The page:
Drug Stores Rx For Profits: Offer More Than Prescriptions
DAVID GREENE, HOST:
Many of you are waking up this morning probably thinking finally I don't have to think of that holiday shopping list or figure out what store to go to today. Turns out many shoppers this year chose places like Walgreens and CVS. Earnings are skyrocketing at drugstores. Walgreens alone saw its earnings grow nearly 70 percent in the last quarter. This is as mid-level department stores such are Sears and JCPenney are faltering. Here's NPR's Sonari Glinton.
SONARI GLINTON, BYLINE: So I'm standing in the aisle of the local drug store near NPR West. In this aisle there are toys on one side, a heated scarf and what looks like a lava lamp, and on the other side is, of course, a Whitman sampler. You can find a little bit of everything here. Before I came to the store I talked to Chris Christopher. He's a retail economist. He says this is a new trend throughout retail.
CHRIS CHRISTOPHER: Thirty or forty years ago at gas stations all you got was gasoline. Now you can get everything from you know laundry detergent to bleach to a nice sandwich or a Slurpee.
GLINTON: So if you're a local chain drug store, you're also competing with grocery stores and sandwich shops.
CHRISTOPHER: It's a little harder to define what many retailers do, since a lot of them do a little bit of everything now.
GLINTON: At the same time, the local dollar stores are nipping at the heels of drug stores for the low cost items. That's while big box stores like Wal-Mart and Costco have pharmacies.
CHRISTOPHER: It's a little difficult, you know, to just be a drugstore. So you have to sort of compete with certain chain stores that are very large, have a lot of pricing power. In addition, they can do a lot of things at a very low cost.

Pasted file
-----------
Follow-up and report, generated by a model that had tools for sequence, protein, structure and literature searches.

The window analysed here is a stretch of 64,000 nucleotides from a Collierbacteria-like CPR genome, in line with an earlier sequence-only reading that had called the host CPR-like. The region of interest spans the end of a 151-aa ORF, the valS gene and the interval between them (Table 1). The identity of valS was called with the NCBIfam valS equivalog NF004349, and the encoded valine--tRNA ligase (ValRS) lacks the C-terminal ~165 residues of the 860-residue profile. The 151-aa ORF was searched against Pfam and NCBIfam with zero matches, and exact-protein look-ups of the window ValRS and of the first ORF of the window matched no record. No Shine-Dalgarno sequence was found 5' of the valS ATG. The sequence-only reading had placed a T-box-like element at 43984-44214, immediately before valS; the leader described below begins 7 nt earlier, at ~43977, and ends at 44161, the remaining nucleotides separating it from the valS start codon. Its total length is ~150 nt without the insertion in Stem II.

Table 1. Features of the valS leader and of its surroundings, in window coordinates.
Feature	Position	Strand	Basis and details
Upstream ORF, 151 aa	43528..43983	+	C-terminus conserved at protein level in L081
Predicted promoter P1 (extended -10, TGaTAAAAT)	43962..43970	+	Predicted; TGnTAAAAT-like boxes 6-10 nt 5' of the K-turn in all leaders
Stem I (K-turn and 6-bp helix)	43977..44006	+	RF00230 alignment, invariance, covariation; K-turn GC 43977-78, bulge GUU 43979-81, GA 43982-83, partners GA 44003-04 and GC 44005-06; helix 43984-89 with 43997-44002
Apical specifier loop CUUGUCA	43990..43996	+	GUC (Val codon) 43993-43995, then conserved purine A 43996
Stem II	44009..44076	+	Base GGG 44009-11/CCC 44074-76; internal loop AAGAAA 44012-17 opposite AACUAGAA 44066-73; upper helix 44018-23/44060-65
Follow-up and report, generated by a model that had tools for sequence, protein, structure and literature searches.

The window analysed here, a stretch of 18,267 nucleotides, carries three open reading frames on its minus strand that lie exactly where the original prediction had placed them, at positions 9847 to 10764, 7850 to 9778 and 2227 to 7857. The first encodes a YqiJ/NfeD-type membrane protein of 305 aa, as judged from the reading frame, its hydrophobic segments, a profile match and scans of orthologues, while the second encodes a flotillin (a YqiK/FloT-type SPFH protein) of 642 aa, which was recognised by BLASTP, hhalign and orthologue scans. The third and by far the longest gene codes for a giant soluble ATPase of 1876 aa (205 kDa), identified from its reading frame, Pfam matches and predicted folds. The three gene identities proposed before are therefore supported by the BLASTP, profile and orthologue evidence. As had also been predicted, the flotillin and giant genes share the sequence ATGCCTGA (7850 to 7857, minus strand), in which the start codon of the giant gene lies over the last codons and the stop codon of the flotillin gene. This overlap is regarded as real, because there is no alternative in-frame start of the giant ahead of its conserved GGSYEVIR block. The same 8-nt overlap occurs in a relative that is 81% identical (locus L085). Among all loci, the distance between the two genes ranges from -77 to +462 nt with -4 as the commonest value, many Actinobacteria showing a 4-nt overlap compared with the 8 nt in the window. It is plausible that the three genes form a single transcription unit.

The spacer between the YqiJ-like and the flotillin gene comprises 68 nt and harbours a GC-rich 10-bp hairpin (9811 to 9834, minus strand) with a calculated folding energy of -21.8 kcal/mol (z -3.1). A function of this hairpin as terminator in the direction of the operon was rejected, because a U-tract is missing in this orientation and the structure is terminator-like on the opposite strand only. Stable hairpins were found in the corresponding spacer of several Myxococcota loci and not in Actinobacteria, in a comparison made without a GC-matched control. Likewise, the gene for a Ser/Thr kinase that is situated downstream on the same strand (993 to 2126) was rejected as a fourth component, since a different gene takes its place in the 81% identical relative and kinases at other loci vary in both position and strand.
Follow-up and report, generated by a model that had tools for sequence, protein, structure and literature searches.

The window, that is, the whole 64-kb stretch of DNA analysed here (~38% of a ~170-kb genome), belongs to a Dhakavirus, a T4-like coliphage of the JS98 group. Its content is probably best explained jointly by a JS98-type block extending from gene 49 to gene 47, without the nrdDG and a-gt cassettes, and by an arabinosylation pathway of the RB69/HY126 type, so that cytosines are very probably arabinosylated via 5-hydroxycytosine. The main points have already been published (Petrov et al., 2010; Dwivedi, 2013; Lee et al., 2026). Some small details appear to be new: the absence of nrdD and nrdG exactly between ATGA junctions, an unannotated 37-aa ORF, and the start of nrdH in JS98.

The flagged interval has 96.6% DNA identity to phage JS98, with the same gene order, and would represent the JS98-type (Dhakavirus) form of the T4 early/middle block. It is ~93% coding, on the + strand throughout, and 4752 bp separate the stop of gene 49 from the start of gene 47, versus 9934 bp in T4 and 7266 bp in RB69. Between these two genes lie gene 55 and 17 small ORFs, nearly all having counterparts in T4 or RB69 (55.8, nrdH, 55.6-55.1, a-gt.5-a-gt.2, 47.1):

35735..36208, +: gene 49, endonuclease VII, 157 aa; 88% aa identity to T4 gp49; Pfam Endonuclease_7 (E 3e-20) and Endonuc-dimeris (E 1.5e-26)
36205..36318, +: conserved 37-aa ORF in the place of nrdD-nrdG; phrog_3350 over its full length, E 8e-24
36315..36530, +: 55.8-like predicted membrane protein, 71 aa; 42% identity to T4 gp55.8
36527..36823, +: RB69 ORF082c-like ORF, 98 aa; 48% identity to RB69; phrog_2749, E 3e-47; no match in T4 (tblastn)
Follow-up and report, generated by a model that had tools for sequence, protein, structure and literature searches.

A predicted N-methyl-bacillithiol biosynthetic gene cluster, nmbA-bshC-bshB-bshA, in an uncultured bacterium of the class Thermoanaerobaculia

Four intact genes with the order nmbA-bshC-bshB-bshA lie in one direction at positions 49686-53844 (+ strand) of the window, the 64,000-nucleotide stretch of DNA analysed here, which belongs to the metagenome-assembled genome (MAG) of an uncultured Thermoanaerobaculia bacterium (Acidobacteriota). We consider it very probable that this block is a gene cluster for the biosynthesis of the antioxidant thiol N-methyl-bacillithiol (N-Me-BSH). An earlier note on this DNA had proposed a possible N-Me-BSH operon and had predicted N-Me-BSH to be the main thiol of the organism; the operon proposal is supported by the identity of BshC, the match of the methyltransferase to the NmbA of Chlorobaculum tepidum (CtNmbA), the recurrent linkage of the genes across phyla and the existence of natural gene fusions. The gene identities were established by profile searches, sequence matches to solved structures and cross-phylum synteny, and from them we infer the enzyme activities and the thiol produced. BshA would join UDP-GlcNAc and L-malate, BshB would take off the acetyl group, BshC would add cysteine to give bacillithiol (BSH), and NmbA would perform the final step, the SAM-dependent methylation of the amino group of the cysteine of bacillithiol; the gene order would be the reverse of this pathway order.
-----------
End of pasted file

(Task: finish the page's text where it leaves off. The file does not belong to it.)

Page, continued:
GLINTON: Consumers are expecting a little bit of everything from all their retailers. Rob Price is head of marketing at CVS. He says increasingly the holidays are important for drugstores because the consumers demand it.
ROB PRICE: Customers are looking for giftables, beauty items, fragrance - but they're also looking for surprising items like personalized photo items and assortments of toys and decor.
GLINTON: If the local chain stores can't compete on prices when they're trying to give you a little bit of everything, one of the ways they can compete is by being everywhere.
RACHEL BISHOP: Between 2000 and 2010, our real focus was store growth in order to put together the network stores that we have today.
GLINTON: Rachel Bishop is with the Walgreen company. With over 8,000 stores and nearly 75 percent of the country covered, she says they have to find a different way to grow.
BISHOP: And now what we're looking at is how we get more out of each one of those stores. And we certainly continue to grow and to add stores, but we do have fewer sites that are available to us.
GLINTON: Bishop is in charge of merchandising for Walgreens. She says there's an increasing importance for non-drug store sales. Five years ago, the company branched out into beer and wine and it's beefing up its grocery offering. She says it's not just about the gifts.
BISHOP: And they're looking for yoga accessories. They're looking for vitamins. They might be looking for home health care and additional items that they need to take care of themselves, specifically for that, you know, boomer customer, for those that have more complicated health needs.
GLINTON: So here's a potent formula for the new success of the local chains. Ten thousand people a day are turning 65 and there are an increasing number of chronic illnesses. Rob Price with CVS says part of why stores like his have to get the holiday season right is because of all the new people who are going to be coming in because of the Affordable Care Act.
PRICE: We see exceptionally exciting growth of all these newly insured customers who aren't only going to be looking for prescription services, but they're going to be looking for preventative care services like flu shots and vaccinations.
GLINTON: And maybe after those new people come in, they'll pick up a toy or a greeting card on the way out the door. At least that's what the local drugstores are banking on. Sonari Glinton, NPR News, Culver City.